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Installing My Solar 
Domestic Hot Water Heating System

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I am committed to sustainable living and I have a separate page devoted to all the efforts I am taking in that regard.  This section of my web site documents my experience while installing a solar assisted water heating system in July 2006.  The system is designed to add in to a hot water heater to reduce the energy.  Some folks may think that Maine is not a good location for solar, this is just not true, we have a relatively sunny climate! 

In early July 2006, I placed an order with Butler Sun Solutions for a complete "Solar Wand" installation kit.  The kit is unique in the solar industry in many ways - click the image at left for a complete system diagram.  Most innovative is the solar wand heat exchanger that was designed and patented by Barry Butler.  This device allows the most simple retrofit to an existing hot water heater - it simply drops into the tank, replacing the existing hot water outlet plumbing!  The wand has about 2 square feet of surface area that contributes heat to the tank.

NOTE: See this page - I decided to install the wand in a separate 40 gallon storage tank that then feeds into the propane water heater, since this will improve the system efficiency due to the greater temperature difference between the incoming well water and the heated collector fluid.  Then in 2010 we replaced the tank heater with a tankless one that is much more efficient.

The 4 solar collectors mount to the south side of my house, along with the 20 Watt solar panel that will power the circulation pump.  This pump will be mounted above the water heater tank in the basement and will circulate solar heated water from the collectors, through an insulated umbilical of 3/8" copper pipes to the Solar Wand in the tank.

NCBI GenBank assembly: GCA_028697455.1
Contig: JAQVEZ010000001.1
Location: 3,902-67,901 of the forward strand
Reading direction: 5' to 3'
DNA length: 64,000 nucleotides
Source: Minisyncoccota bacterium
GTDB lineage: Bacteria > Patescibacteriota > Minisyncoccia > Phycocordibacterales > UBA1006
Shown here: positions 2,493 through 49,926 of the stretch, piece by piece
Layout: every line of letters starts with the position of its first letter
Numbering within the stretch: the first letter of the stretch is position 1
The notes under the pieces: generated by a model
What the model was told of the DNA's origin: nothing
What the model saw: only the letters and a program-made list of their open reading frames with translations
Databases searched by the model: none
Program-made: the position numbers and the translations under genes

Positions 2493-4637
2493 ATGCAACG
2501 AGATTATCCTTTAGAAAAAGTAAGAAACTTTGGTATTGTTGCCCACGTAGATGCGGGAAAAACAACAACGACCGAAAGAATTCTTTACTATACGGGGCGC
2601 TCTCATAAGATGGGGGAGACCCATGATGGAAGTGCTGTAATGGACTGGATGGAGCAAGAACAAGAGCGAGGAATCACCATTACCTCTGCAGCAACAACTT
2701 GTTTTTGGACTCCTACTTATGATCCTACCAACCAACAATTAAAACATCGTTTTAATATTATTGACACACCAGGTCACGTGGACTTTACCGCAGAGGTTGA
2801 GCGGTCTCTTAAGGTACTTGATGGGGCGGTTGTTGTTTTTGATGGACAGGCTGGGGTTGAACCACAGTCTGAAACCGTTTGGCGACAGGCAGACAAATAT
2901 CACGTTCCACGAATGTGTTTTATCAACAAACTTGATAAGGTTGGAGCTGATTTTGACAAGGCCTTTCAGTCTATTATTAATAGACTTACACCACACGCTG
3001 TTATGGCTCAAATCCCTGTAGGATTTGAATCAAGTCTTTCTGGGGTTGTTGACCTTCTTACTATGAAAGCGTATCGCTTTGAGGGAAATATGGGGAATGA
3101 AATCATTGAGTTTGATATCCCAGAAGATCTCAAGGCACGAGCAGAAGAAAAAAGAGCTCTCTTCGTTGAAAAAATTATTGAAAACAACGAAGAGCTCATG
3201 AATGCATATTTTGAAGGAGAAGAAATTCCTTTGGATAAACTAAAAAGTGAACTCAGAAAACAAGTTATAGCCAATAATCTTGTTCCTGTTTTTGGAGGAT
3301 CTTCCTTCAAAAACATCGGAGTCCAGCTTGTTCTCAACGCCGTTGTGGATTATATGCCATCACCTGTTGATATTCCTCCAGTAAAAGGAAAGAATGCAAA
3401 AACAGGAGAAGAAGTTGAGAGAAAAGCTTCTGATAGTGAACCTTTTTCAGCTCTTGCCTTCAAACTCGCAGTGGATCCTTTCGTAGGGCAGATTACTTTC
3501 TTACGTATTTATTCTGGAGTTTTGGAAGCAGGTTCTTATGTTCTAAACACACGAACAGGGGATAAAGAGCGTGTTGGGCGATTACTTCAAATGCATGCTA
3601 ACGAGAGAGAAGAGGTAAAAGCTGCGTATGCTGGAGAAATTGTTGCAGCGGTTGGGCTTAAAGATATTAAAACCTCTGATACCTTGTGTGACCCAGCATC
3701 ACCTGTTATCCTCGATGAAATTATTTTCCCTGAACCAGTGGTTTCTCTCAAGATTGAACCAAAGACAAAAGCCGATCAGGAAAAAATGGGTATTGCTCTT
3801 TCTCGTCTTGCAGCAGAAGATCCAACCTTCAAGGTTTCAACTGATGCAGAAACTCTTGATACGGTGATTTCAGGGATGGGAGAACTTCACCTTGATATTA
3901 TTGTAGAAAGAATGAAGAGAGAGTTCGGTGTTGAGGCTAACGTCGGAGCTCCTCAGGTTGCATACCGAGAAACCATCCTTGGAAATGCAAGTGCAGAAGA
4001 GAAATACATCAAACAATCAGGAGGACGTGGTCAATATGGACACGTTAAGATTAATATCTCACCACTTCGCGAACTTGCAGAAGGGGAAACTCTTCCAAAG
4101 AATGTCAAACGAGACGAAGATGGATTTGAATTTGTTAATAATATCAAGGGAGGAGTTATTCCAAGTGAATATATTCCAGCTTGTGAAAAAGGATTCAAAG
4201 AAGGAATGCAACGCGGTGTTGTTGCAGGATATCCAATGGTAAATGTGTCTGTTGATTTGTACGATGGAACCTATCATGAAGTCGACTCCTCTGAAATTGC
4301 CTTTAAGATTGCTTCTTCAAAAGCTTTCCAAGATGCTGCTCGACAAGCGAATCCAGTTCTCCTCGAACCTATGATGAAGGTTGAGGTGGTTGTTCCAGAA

Most solar collectors are mounted to a sloped roof that faces south to optimize performance, but my roof faces east/west.  So my only option was the vertical south wall which is a slight compromise, so I added one extra collector to ensure good heat in the winter months.  Solar panels and collectors need direct sun to work but collectors are more forgiving of off-axis sun light than solar electric panels.

There are many things about the design of this solar heating package that I really like:

  • The Solar Wand simplifies the plumbing.  It's a "no sweat" plumbing job since no copper soldering is required.  All connections are done with swage fittings and unions with nuts that tighten to make the connection.
  • The automatic over temperature and pressure system is unique in the industry.
  • The collector frames come in a variety of colors to match the building, the red/brown I selected matched our paint trim very closely.
  • The simple structure for mounting the collectors consists of vertical mounting rails.  It only took an hour to mount them - with the help of 4 friends and staging.
  • The insulated umbilical that carries heated antifreeze fluid is made of flexible 3/8" copper tubes.  2 additional wire cables are tied to that for signals and PV power.

House before
View of before and after showing the collectors and PV panel mounted to the south wall of my home.

The total purchase price of the kit was around $3000 ($3500 as of October 2007).   However my net cost will be around $1500 after the Maine state refund and federal tax break.

After placing the order for the solar kit in early July, I filed an application with the Maine State Energy Program for the 25% refund that they offer on small scale solar installations.  The refund incentive was just voted in to law in 2006 and it has encouraged many people to "take the plunge"!   I received my 25% refund check on October 10th 2006.  This system is SRCC certified and is eligible for the 30% solar federal tax credit too. 

I used RetScreen software to calculate my Return on Investment, which works out at 4.6 years based on the design and site of my specific installation.  Click the graph below to see a detailed report.  Allowing for inflation and increasing propane prices it shows that after 25 years I will have saved over $11,000 in offset heating costs!  Pretty impressive.

NOTE:  To find a solar dealer or installer in your area please use the FindSolar web site.

If you found the information presented on my web site to be helpful you can send me a donation to show your appreciation for the many hours I have invested in presenting my knowledge and experience.  This is NOT tax deductible and will show as a consulting fee on your receipt.